My research focuses on applying new similarity search methods and techniques for better
understanding earthquake and fault behavior in central and northern California.
In the first part of my talk, I will discuss my search for repeating earthquakes (REs) using
similarity search on recorded seismic waveforms from the northern San Francisco Bay Area.
Evidence from the San Andreas fault and elsewhere indicates that REs are correlated with, and
likely driven by, aseismic slip (creep) at depth. Source information of REs can therefore be used
as constraints on interseismic slip and seismic hazard models. By using a new fast similarity
search algorithm developed specifically for probing big seismic data sets, we found 198 RE
groups. Our method is successful despite the somewhat sparse seismic network in this region
as we detect and cluster RE pairs at different stations, rather than requiring that all events of an
RE sequence be detected on a few common stations. Our results can not only help us to map
the depth and extent of creep on several major faults but also reveal previously unknown
structural complexity – e.g. that subparallel strands of the Maacama fault are active and creep
simultaneously. We also recalibrated the empirical relationship between creep rate and RE
magnitude and recurrence interval using a shallow RE family and an estimate of the shallow
creep rate from InSAR data. Our creep rates estimated by this method are broadly in agreement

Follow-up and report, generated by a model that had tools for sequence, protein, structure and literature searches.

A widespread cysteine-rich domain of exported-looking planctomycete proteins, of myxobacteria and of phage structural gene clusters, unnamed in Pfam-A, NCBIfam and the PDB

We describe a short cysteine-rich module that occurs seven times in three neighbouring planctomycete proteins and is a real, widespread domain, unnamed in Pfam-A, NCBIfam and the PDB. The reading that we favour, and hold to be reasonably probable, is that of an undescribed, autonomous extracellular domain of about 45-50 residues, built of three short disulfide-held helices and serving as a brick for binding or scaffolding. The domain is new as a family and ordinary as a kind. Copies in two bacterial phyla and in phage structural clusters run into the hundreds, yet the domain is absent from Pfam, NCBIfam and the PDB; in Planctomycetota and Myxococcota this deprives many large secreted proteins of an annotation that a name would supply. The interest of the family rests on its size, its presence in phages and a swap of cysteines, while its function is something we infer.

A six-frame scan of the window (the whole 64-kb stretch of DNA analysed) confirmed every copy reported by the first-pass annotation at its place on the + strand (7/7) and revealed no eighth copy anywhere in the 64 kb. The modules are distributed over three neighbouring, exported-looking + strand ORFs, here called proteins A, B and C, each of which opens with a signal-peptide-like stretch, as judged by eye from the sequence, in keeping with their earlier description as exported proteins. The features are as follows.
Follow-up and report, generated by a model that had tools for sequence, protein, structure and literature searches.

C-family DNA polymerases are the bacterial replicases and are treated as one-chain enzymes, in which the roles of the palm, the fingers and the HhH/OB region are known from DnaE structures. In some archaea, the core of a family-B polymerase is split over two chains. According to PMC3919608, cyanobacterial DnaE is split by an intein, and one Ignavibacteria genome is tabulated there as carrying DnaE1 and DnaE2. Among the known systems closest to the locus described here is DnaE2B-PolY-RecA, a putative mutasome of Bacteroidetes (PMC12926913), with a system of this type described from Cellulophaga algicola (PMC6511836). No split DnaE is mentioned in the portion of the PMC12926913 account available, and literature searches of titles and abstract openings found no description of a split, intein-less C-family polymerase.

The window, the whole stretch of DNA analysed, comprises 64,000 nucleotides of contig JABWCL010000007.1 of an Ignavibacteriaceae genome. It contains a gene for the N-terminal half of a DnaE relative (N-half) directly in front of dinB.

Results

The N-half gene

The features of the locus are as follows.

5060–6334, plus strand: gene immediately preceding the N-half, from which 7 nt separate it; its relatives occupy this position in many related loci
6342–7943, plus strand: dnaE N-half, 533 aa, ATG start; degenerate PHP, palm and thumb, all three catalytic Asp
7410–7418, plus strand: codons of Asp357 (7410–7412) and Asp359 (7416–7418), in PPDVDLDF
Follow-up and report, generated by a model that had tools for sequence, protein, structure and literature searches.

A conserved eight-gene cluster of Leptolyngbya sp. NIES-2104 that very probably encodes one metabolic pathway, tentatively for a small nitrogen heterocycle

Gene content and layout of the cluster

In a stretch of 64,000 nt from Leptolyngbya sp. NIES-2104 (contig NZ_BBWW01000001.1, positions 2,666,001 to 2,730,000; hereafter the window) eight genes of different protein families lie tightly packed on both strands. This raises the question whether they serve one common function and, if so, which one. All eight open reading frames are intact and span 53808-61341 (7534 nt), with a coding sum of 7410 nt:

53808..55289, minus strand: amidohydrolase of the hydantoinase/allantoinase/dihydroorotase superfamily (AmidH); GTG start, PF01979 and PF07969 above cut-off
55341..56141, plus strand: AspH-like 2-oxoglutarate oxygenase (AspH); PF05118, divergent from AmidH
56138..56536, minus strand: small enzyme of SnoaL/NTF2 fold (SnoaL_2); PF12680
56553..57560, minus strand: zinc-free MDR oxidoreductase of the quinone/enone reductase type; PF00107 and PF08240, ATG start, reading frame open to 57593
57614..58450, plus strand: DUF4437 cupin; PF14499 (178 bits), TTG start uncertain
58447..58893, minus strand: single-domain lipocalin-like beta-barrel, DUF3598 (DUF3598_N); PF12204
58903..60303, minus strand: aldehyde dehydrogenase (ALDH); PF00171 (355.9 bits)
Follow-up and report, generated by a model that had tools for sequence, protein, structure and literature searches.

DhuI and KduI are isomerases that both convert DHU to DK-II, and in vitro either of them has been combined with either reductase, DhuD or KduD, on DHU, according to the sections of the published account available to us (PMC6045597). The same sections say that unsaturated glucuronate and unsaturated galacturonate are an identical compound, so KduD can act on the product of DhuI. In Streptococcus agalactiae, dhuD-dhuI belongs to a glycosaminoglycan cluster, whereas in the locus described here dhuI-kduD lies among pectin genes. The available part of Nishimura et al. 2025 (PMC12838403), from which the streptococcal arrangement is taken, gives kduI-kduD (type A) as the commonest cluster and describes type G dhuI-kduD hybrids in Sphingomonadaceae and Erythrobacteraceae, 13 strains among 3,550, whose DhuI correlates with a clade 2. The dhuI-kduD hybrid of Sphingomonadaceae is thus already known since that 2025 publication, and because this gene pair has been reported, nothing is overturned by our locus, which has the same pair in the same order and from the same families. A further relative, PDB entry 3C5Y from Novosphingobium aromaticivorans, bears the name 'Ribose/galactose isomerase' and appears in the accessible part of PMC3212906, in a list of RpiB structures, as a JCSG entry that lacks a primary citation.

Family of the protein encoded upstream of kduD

with creep rates reported in studies based on geodetic data, but add information on the creep
distribution at depth.
In a second, related similarity search project, I will show an alternative, efficient method for
searching for templates for matched filtering – the similarity Matrix Profile (MP). The MP is
essentially a report of the index (position) and correlation coefficient (CC) value of the most
similar portion within a time series for every subwindow it contains. Being optimized for GPU
clusters, the MP can be computed for very long time series (hundreds of days of data) in a
matter of hours, and can detect both low- and high- signal-to-noise events, as the CC values for
background noise tend to be low compared to earthquakes. Therefore, the MP approach, with
an appropriate CC threshold, can be used to detect earthquake swarms, aftershocks, and
foreshocks, low-frequency earthquakes (LFEs), repeating events and more. We use our new
approach to revisit the behavior of the 2004 Mw 6.0 Parkfield earthquake foreshocks and
aftershocks; we detect ~16 times more events than are listed in the catalog. I will also discuss
how our new approach can be used for creating an alternative LFE catalog for this area.